Douglas tribes of British Columbia

 

douglas.gif (1125 bytes) Band No:
Preferred Name:
Formerly Known As:
Name of First Nation:
Linguistic Group:
561
Douglas
n/a
Douglas
Salishan

General Information:
Located at head of Harrison Lake at the mouth of the Lillouet River, 112 km from Pemberton. Three reserves; 432.3 hectares; Main community is on Tipella I.R No. 7.

History:
Douglas, Skookum Chuck and Samahquam First Nations were originally called the Douglas Tribes, after Governor Douglas. He ordered a port be built at the place now called Port Douglas, for the start of the Caribou Highway into the Interior of British Columbia in 1858. The original Douglas Reserve was 2,500 acres, and included the town site at Port Douglas.

Economic Activities:
A member of the Coast Mountain Development Corporation.

Facilities Available On Reserve:
Cultural centre, school, band office, teacherage, powerhouse.

Band Office Address:
7311 James St., Unit C
Mission, BC
V2V 3V5
Tel:    (604) 820-3082
Fax:   (604) 820-3020

Affiliations:
Coast Mountain Development Council

Source: British Columbia's First Nation On-line Community

The following has been contributed by Don Harris, Band Councillor (hereditary chief):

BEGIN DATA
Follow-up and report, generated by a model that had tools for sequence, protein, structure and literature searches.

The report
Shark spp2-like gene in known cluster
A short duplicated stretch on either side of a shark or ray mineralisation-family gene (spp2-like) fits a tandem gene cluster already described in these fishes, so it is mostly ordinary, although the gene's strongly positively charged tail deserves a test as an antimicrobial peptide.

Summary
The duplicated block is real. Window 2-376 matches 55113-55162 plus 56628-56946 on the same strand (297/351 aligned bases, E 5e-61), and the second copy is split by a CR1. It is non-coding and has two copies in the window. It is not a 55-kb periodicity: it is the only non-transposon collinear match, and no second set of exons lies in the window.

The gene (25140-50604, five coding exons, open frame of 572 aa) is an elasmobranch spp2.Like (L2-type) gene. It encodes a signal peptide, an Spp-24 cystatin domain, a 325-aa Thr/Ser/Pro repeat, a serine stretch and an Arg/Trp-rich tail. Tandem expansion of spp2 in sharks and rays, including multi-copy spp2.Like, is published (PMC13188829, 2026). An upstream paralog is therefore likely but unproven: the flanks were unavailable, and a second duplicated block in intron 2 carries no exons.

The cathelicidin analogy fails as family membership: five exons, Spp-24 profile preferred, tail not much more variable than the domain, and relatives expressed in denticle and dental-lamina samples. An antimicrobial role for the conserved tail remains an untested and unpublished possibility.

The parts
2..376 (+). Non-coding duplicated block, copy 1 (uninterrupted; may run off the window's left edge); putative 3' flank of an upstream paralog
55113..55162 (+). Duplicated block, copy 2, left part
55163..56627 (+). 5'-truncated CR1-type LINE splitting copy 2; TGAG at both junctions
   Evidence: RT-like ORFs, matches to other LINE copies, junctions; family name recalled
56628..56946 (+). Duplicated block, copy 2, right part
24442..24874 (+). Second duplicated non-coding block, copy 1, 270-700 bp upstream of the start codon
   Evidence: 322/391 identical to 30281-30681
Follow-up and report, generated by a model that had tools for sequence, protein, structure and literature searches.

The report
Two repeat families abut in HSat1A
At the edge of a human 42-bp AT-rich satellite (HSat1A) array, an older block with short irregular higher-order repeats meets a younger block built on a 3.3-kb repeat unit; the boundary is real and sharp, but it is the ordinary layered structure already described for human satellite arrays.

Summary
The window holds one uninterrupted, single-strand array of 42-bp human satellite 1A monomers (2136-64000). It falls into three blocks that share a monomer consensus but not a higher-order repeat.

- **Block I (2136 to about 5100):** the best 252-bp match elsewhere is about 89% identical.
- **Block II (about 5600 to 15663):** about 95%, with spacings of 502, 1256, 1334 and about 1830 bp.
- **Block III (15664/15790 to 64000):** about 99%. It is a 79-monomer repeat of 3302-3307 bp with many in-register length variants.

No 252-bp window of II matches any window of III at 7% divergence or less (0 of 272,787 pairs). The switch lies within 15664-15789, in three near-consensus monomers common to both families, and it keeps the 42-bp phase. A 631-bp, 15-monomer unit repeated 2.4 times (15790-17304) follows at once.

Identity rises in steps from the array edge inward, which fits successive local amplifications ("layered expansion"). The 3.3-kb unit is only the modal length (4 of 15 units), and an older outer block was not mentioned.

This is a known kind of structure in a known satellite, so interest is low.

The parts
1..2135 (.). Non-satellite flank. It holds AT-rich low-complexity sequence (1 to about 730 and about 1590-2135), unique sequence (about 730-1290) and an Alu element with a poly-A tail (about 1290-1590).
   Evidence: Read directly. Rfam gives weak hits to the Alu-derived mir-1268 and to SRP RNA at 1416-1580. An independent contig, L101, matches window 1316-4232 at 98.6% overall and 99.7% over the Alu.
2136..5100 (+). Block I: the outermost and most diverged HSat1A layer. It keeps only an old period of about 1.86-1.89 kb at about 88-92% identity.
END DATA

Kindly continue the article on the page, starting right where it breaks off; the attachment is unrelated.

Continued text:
In regards to the Douglas Reserve, the main reserve is i.r. # 8. The west side of Douglas i.r. # 8 is referred to as the village of Tippella. Tippella i.r. # 7 is actually a small tract of land that is a grave yard.


 


Between 1850 and 1864 Sir James Douglas as Governor and Chief Factor for the Hudsonís Bay Company and later Governor of the Colonies of Vancouver Island and British Columbia developed a broad and consistent policy for resolving the Indian Land Question in the colonies. While the earlier aspects of this policy, effected mainly under the auspices of land conveyances for the Hudsonís Bay company, are easily accessible through official documentation of the so-called Fort Victoria Treaties, Douglasís later efforts are frequently ambiguous and difficult to document for a number of reasons. The purpose of this memorandum is to outline the consistent, over-arching principles that informed Douglasís approach to aboriginal title, settlement problems and political ramifications of early colonial land policy. From Douglasís Fort Victoria land conveyances one can infer that his approach to reserves and land pre-emptions would have been more rational and less ambiguous had it been within his power. In particular he would have extinguished aboriginal title given adequate funds. Most importantly, the reserve policy implemented by Governor Douglas in the Fort Victoria treaties, and by extension in the later reserve system, was, insofar as he understood it, a consistent extension of both Imperial and later Dominion aboriginal policy. It constituted a recognition of the Royal Proclamation of 1763 and its alteration in the years following his tenure is illustrative of the development of an anomalous, indigenous British Columbia approach to Indian lands that diverged from those principles contained in the Proclamation.

 

See also:

  • Port Douglas, British Columbia
  •  

    This page was last updated on 07 December 2015

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